Picture of empathy

Empathy is defined as the ability to understand and share the feelings of another. It is the hallmark of every exceptional teacher to understand and share the feelings of students, remembering what it’s like to be in their shoes, being able to discern factors of student life beyond “school.” For any adult, empathy is remembering what it is like to be a child. In good times and bad. For the writer, empathy is invaluable to character development … and for taking a walk in the shoes of anything and everything, real or unreal, alive or not. Empathy is more than taking on the guise of another; it is the ability to be the other in a given situation. It is a transformative force, one of humanity’s greatest facets, vital to our coexistence.

But not solely a human attribute.

Since his cardiac arrest and heart surgeries last year my husband has battled a new thing. His blood pressure is typically high and it’s been a challenge for his doctors to get his prescription cocktail just right. His pressure is currently well-managed, to the point of being a little low; occasionally when he rises from a sitting position he becomes light-headed. This is something for which I have much empathy, my own blood pressure being characteristically low. It’s called orthostatic or postural hypotension. Once, as a teenager, I got up from the living room floor where I was sprawled in front of the television to answer a knock on the front door—thankfully the neighbor caught me as my knees buckled and the tingling world went solid gray.

So the other evening when my husband got up from his chair just to grab the kitchen counter, muttering, “I’m dizzy,” I knew exactly what it was like.

“Sit down! Now!” I told him.

He did. He leaned over in the floor and rested his head on his arms.

That’s when Dennis, our 6-month-old dachshund, rushed over, considered the situation, and promptly keeled over in the floor beside my husband.

“That,” I laughed, “is about the most empathetic thing I’ve ever seen.”

And once his light-headedness was past I made my husband restage it so I could take pictures.

Poor sweet hilarious Dennis.

I can’t say for sure how much he understood, but he certainly shared the experience of another. Took a bit of the suffering on. Kind of like If you’re going through this, then I am, too.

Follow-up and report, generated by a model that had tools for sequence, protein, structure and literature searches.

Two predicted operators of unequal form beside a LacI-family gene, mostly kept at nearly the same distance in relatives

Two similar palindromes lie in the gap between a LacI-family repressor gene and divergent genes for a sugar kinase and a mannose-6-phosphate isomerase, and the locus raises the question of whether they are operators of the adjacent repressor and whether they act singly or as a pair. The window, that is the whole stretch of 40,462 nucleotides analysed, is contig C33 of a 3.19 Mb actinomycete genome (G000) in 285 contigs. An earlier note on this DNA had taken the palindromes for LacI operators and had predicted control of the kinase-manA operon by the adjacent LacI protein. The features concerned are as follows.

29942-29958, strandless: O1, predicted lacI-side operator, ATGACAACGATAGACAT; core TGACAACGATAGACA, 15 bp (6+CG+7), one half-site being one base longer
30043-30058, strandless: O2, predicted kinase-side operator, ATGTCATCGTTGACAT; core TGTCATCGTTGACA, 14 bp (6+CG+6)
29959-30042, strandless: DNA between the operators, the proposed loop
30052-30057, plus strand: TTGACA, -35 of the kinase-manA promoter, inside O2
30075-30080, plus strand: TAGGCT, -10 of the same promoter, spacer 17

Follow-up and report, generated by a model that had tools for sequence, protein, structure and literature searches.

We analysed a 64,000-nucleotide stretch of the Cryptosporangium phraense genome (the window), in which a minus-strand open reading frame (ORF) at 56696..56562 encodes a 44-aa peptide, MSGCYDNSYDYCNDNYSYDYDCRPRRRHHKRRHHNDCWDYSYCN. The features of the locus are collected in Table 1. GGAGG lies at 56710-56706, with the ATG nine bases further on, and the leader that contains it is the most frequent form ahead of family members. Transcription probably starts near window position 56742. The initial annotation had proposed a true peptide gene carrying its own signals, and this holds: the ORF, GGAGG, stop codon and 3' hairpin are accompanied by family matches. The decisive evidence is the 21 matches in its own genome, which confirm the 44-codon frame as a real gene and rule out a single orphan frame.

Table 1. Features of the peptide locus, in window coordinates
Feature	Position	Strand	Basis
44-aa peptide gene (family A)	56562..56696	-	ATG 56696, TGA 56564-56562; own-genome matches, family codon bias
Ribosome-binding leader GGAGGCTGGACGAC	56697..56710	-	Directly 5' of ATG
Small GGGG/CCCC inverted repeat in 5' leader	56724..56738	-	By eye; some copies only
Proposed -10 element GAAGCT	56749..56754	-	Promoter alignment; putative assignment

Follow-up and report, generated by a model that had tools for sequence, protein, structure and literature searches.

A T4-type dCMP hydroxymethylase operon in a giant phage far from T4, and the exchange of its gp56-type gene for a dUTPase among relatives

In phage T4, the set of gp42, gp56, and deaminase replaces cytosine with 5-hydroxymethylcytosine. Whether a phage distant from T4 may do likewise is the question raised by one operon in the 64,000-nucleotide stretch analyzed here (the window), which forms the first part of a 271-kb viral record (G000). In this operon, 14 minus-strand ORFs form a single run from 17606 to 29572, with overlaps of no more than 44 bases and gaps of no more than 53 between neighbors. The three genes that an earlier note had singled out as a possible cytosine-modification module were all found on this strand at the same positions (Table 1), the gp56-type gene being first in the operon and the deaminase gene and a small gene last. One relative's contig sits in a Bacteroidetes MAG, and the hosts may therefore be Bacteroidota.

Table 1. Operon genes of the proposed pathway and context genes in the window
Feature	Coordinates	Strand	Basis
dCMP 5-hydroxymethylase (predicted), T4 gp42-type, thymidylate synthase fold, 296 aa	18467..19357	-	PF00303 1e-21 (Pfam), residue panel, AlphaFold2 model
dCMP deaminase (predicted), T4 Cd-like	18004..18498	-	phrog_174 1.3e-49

If only our species could be as consistently perceptive, responsive, and willing.

20 thoughts on “Picture of empathy

  1. That’s the absolute sweetest thing ever. I know when I am not well, my dog is my constant companion. They are so sensitive and empathetic. I have a bumper sticker that is taped to a cabinet in my laundry room that reads, “Lord, help me be the person my dog thinks I am.”

    Liked by 1 person

    • They are sages, dogs. So full of love and willingness to serve. I have seen that quote and is it ever TRUE! Oh to be worthy of a dog’s heart. They give it so completely and purely. And – Dennis is a daily comedy routine!

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  2. Oh, Dennis! How sweet is that. I love that last line so much: “If only our species could be as consistently perceptive, responsive, and willing.” Beautiful. I pray your husband’s blood pressure meds gets situated well for him.

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  3. Dennis is the exact dog you need right now! I adore the way he showed empathy to your husband.

    I hope your hubby’s docs can get that cocktail right to get him feeling better again. These dizzy spells sound beyond frustrating.

    Liked by 1 person

    • My husband is doing so well, all things considered – definitely staying in and away from public places to be safe from COVID. Dennis really is the exact dog we need, bringing his own brand of daily entertainment!


    • Dennis is full of lively mischief, loves to be cuddled like a baby. is more curious than any cat ever … He has to be in the middle of everything but we couldn’t have predicted his falling over beside my husband – for real and in the staging. I love that dog!! He adds so much laughter to each day.


  4. I also love your last line- “If only our species could be as consistently perceptive, responsive, and willing.” This is the second empathy post I read today, and I’m loving the picture you staged and posted. Sending well wishes to you, your husband, and Dennis.

    Liked by 1 person

  5. Hurrah for the furbaby in your life to remind us how connected we can *can* be! My brother and I used to play-fight just to witness how protective our doxies were –not very nice on our part, looking back, but it was reassuring that our four-legged companions would fight for us in a pinch.
    I have quite a few friends with chronic illnesses who swear their animal companions know when something is up, ramping up the cuddles just when they are needed most. Sounds like you’ve got a like-minded pooch.

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  6. Dennis! How utterly sweet. Fran, I think you are one of the most empathetic people out there and your pet has clearly taken on your trait!

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  7. Fran, your intro was lovely but I never thought it would lead to a sweet moment of dog nurturing human shot as you shared. Empathy is “a transformative force” as you said. It leads to a bond of trust, love, and caring as your dog has for your husband. Take care of your husband and yourself.

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